Stealth tobacco site troubles industry

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This article is part of the Tobacco portal on Sourcewatch funded from 2006 - 2009 by the American Legacy Foundation.

Stealth tobacco site troubles industry

This is an MSNBC article published on April 18, 1997 describing a stealth marketing campaign by the Brown & Williamson tobacco company. The article features a graphic of a camel in sheep's clothing and describes a new online magazine/"fun and games" Website that appeared called "Circuit Breaker" that was designed to appeal to young men in their 20s. The site advertised local bands and musical events. Online visitors were given no clue that the site was run by a tobacco company and that most of the musical events were promotions for a new brand of cigarettes. The site offered a free T-shirt in exchange for personal information, but visitors were given no idea who was collecting the information. A media advocacy group pointed out that filtering software was unable to block youth access to the web since it didn't mention tobacco. Once it was exposed that B&W was operating the site, they took responsibility for it, but the affair raised many ethical questions about stealth advertising and promotion techniques.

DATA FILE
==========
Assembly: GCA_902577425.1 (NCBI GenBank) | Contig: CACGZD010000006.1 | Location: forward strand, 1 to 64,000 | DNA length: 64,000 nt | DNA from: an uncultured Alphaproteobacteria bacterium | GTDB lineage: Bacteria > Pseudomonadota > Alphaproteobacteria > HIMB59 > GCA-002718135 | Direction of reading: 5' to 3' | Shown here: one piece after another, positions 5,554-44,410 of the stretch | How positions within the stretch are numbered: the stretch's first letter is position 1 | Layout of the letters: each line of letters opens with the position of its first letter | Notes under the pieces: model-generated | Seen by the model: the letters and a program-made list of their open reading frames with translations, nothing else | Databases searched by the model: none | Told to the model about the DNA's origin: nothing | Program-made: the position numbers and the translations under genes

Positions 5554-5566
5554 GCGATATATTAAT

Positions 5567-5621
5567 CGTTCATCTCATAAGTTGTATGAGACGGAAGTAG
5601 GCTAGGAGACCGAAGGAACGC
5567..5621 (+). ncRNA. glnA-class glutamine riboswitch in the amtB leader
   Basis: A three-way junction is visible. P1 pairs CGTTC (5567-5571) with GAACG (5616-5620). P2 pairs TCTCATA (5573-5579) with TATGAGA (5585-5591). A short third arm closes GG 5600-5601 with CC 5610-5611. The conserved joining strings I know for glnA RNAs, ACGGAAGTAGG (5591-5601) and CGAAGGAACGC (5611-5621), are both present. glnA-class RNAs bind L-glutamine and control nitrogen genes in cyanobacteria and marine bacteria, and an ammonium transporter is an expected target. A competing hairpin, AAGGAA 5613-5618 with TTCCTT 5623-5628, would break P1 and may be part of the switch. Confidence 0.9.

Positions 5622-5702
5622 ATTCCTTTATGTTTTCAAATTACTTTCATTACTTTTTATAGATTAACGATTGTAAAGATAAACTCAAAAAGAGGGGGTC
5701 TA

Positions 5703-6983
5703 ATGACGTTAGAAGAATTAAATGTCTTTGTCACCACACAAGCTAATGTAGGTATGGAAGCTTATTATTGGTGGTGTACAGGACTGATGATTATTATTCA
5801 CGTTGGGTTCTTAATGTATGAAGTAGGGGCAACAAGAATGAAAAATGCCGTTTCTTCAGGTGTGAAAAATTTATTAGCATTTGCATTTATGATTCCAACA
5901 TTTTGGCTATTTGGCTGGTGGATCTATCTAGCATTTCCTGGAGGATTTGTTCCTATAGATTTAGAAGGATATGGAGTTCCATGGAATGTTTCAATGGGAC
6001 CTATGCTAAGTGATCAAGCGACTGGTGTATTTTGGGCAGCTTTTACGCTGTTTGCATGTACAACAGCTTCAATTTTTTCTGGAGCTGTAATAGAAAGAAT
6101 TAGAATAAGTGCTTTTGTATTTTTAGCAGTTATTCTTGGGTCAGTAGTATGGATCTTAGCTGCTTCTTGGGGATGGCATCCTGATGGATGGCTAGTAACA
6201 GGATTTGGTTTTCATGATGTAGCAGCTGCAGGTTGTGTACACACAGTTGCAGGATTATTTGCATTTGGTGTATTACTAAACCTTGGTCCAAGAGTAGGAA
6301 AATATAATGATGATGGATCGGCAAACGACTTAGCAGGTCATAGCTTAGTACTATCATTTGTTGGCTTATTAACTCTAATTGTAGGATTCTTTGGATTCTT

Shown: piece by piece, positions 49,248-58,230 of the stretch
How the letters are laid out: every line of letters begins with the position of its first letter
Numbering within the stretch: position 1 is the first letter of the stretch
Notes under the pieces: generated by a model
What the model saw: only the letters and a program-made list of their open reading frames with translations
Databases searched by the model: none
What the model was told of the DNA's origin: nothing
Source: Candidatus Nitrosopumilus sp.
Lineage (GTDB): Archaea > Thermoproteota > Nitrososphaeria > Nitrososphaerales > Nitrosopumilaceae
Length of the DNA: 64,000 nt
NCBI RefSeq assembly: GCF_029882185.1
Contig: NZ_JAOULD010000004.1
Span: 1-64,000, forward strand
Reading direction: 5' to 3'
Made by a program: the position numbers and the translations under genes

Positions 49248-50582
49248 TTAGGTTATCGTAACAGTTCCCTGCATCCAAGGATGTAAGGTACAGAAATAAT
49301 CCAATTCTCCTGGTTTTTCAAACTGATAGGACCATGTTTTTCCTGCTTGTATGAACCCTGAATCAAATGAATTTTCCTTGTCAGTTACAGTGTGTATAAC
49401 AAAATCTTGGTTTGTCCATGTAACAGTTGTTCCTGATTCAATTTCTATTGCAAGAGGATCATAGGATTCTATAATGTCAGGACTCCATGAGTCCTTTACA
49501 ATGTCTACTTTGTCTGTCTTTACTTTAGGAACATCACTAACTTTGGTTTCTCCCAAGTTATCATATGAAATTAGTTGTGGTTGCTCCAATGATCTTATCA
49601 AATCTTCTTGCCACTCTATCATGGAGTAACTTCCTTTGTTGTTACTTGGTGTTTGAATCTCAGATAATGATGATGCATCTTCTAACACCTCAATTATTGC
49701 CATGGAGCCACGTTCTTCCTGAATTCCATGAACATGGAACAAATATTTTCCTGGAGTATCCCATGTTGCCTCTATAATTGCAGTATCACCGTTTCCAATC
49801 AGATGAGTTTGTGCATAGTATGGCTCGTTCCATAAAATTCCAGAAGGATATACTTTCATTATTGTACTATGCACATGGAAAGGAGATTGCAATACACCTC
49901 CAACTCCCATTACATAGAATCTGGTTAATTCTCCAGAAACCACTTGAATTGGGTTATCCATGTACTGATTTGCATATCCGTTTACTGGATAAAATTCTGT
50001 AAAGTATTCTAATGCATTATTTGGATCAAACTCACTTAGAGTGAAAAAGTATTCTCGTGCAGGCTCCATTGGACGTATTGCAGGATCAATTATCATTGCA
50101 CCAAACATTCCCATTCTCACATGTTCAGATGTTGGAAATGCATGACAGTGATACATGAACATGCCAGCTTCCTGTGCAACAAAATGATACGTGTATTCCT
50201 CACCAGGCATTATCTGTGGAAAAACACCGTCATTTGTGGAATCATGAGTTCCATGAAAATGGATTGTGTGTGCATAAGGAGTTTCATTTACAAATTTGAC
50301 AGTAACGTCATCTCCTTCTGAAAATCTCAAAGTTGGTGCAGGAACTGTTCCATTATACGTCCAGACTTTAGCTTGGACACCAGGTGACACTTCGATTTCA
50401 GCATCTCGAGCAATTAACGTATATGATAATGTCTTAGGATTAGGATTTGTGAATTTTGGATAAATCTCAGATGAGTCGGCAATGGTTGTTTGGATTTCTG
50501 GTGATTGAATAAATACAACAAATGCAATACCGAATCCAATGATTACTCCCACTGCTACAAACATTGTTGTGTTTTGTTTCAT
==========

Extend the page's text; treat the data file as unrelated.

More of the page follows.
Org. Author MSNBC
Date 19970418
Bates 2084077306/7309
Collection Philip Morris
Pages 4

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